From the 1870s to the 1930s, New York City and surrounding cities boomed with the construction of multi-story “steel skeleton” structures. Many of these buildings were ornately decorated in terra-cotta, limestone, and other decorative masonry and were lauded as architectural marvels. This ornate and rich craftsmanship is supported by a robust framing system of steel columns and beams embedded within façade walls and which typically haven’t seen the light of day since they were constructed over 100 years ago.
Building methods during this boom era were constantly evolving as with every new structure erected, innovation and previous experience were continually tested and improved upon. It was known that steel corrodes when exposed to moisture and oxygen, however, modern waterproofing membranes had yet to be invented. Building envelope systems of the time assumed that the multi-wythe masonry facades would serve as a sufficient protective barrier for the structural steel skeleton from the harsh exterior elements. In typical rain scenarios, the outer layer of brick would absorb the majority of the moisture while keeping the inner layers of brick and steel dry. However, over the course of a building’s life, weak points develop in the wall where water can penetrate the “protective” barrier, reach the steel, and cause the steel to corrode and deteriorate. These deficiencies, such as cracks, deteriorating mortar joints, and deteriorating window lintels, and sills, can be caused by natural aging of the material, hard wind-driven rain, freeze-thaw cycles, and settlement.
Due to the fact that these embedded structural members are not visible, they may be slowly deteriorating for years or decades before their deficiency is discovered. Sometimes, newly exposed steel deterioration is so advanced that emergency shoring is necessary to provide alternative means of support until repairs can be made.
Steel will begin to rust when it is exposed to moisture and oxygen. Minor surface rust does not contribute to loss of strength because the chemical deterioration has not yet penetrated beyond the surface layer of the steel member. However, if the surface of the steel remains in contact with moisture and oxygen, the resulting corrosion will continue to penetrate deeper into the steel material and cause a type of deterioration called delamination.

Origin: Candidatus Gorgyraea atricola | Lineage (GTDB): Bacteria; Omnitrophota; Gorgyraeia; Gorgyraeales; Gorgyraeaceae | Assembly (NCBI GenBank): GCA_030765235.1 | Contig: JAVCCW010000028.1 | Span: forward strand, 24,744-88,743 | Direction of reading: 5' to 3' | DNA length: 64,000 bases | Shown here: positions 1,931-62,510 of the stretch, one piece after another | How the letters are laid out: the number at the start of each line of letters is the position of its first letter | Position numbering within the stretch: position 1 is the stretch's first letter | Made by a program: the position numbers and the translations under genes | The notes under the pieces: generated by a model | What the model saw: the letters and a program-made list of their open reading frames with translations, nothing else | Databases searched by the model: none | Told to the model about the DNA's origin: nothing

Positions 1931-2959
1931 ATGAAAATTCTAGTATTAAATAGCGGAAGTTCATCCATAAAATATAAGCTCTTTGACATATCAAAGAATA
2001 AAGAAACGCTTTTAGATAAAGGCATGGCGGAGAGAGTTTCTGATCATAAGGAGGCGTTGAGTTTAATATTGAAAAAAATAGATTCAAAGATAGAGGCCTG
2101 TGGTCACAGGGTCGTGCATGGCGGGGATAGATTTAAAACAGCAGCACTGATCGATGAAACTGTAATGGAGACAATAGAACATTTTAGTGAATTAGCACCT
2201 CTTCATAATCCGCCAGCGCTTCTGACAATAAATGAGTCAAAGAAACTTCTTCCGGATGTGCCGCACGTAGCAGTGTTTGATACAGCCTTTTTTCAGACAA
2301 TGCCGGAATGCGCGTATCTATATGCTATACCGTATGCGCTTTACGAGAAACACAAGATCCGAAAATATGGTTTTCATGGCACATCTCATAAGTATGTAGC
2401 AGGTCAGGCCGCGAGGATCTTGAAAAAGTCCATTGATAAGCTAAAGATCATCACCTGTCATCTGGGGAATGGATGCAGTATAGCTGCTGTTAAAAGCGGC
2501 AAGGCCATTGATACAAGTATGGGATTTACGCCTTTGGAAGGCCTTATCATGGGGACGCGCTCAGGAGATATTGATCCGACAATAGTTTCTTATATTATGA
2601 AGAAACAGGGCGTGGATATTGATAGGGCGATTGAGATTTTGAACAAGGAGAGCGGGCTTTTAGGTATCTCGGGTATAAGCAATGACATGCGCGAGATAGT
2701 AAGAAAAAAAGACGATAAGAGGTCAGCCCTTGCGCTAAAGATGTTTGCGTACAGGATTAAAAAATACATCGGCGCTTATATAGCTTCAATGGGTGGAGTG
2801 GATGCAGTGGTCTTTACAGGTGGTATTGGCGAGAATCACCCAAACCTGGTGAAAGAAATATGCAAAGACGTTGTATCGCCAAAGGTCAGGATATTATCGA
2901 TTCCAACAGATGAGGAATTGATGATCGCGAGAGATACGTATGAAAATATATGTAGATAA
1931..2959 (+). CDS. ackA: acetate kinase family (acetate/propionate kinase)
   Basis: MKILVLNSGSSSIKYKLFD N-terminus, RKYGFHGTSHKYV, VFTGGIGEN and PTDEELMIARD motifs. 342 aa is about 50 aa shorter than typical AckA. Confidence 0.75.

Delamination of the steel is where the outermost layers of the steel material begin to separate from the base material in layers. In severe cases, delaminated steel material can be removed by hand, as seen in the video below.
These kinds of material loss (section loss) contribute to loss of strength. If a deteriorated steel member is encountered in the field, it is recommended for a structural engineer to visit the building, survey the existing conditions, analyze potential section loss of the existing member, and design a repair program.
Typically, deteriorated façade steel is repaired by welding a new steel section to the exposed web of the existing beam. “C” shaped steel members, or channels, are selected by the structural engineer to provide additional strength to the existing beam equivalent to that which was lost to corrosion. Historic steel contained higher levels of carbon than today’s steel, and high carbon materials such as cast iron cannot be welded to. Therefore, for historic steel, performing a weldability test on the existing material is essential to determining if a welded reinforcement program is feasible.
As previously mentioned, not all embedded façade steel is deteriorated and in need of repair. So, how can a building owner tell if their building steel needs repair without opening probes at every single beam and column location? The good news is that there are signs that a façade inspector can look for when surveying a building façade. Steel expands as it corrodes, and this expanding material creates internal pressures on the surrounding masonry which can cause masonry units to crack or bulge. Large areas of cracking or bulging masonry may be symptomatic of deteriorating steel within the wall. Parapets, protruding balconies, decorative terra-cotta features, and building corners are vulnerable façade elements that are located at points of the building where wind blows at higher forces and can exacerbate poor façade conditions. These symptoms and vulnerable locations should be continuously monitored and periodically probed so that deterioration of the structural steel is identified and addressed. When and where structural repairs are completed, a façade engineer or architect is typically engaged to provide waterproofing details that will protect the steel from future corrosion.